Another favorite is Based on a True Story, one of my favorite trailer lines for movies. A crack in the house’s concrete slab became a sentient miasma. A broken watch found in a restaurant became the means for career rejuvenation. A house, under construction, possibly never to be finished, became a window to the future for a young girl.
It Was All a Dream is the most difficult story trigger to work with. Dreams are long on emotion and short on linear logic. The lack of linear logic isn’t necessarily a problem, but the lack of story logic can be. Dreams–however they might knock us for a loop emotionally–tend to fall apart once examined for story logic. My success rate for It Was All a Dream (success meaning being able to craft the story into something with a point to it) is probably less than fifty percent.
Fascinating People, are always attractive as centers for a story. By “center,” I mean focus. Sometimes, this is the protagonist or narrator, but often not. Often not, because then the plot can center on the protagonist’s interactions with this Fascinating Person, who are often difficult to deal with. My favorite fascinating person-who-became-a-character was David, a local homeless person. I’ve also used a terrible pair of parents, a crazy old woman, and my dad (although I transformed him into an heroic alien). I’ve used Jesus no fewer than three times.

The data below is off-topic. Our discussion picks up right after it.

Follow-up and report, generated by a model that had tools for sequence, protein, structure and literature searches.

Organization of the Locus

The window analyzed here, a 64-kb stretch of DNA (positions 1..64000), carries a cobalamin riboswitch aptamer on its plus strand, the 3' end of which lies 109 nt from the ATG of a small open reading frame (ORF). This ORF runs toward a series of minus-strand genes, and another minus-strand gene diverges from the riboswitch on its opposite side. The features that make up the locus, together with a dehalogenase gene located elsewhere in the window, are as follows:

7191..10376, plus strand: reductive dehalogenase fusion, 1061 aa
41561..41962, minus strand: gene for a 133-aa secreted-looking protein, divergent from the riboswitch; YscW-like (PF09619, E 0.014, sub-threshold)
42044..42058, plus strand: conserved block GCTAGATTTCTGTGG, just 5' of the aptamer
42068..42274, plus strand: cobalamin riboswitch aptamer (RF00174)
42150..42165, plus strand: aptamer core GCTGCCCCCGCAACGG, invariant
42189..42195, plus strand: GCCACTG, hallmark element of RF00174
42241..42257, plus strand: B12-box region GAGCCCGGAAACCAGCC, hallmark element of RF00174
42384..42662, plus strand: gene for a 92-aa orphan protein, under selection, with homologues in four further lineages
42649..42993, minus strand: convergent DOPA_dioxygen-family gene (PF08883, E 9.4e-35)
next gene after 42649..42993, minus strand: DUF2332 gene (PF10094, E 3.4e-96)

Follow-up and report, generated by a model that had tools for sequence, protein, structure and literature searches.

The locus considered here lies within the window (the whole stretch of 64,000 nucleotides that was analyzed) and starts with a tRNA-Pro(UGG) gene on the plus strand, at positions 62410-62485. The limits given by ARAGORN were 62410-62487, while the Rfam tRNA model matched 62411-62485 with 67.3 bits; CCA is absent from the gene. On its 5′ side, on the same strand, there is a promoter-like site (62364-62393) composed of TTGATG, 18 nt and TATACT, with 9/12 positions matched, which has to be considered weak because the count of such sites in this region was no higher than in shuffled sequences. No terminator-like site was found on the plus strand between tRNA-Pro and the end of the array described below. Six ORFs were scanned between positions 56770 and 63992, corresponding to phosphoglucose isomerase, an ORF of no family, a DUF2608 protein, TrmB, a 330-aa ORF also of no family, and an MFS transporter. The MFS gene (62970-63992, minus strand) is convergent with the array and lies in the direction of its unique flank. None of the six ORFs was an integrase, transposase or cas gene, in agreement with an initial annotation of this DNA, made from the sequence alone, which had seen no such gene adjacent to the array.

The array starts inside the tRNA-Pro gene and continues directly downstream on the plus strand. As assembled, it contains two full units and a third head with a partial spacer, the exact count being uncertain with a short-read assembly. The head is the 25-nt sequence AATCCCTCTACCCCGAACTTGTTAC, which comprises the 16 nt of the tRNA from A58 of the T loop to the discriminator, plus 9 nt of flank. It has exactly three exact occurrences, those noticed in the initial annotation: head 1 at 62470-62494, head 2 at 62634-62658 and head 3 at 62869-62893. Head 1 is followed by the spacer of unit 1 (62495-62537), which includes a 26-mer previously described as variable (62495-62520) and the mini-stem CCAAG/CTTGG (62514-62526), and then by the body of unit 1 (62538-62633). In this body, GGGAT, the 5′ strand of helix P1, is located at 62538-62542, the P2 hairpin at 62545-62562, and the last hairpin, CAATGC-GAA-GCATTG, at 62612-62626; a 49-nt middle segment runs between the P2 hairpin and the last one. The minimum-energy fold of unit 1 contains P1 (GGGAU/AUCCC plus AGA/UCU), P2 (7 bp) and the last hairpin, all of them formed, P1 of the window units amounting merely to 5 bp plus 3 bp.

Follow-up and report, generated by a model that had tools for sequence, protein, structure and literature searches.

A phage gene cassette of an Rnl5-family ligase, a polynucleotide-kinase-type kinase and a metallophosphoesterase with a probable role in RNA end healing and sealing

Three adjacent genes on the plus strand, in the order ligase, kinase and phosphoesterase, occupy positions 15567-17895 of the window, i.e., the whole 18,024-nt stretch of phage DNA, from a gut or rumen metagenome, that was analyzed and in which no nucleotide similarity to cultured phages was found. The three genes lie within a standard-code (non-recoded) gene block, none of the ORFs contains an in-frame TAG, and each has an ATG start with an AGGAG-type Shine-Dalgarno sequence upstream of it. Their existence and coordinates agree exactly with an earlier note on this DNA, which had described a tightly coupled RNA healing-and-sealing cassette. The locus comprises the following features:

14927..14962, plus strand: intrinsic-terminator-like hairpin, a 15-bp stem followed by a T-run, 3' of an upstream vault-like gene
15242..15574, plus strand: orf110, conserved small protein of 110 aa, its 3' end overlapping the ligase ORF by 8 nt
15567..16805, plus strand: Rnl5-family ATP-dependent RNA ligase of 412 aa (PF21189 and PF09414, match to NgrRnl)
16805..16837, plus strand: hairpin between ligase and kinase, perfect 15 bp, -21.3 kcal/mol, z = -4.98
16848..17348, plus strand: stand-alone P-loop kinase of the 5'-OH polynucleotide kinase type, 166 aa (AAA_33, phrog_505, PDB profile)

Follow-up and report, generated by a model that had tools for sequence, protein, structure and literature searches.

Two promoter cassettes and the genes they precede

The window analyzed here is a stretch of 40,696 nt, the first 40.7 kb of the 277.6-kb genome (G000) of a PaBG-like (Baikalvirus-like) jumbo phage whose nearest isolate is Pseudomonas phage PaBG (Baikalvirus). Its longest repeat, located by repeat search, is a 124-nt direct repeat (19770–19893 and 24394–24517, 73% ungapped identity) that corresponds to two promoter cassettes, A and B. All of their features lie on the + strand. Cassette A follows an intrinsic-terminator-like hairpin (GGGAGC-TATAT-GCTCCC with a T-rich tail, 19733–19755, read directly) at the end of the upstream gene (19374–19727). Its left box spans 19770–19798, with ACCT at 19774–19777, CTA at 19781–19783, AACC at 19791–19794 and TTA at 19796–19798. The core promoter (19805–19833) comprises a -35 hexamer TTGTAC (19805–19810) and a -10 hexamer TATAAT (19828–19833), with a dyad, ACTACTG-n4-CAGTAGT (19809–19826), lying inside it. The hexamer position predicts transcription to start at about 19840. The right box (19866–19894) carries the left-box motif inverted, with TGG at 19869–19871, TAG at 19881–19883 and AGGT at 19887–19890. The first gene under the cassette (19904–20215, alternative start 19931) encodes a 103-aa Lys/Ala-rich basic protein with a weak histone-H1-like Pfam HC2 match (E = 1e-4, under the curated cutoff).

Finally, there’s the conflict-on-a-plate one is gifted with when one is In An Unpleasant Place. Undergoing medical treatment, or moving, or faced with a difficult task, or encountering an unpleasant person. I may hate every moment of it, but damn it, I’m going to get a story out of it!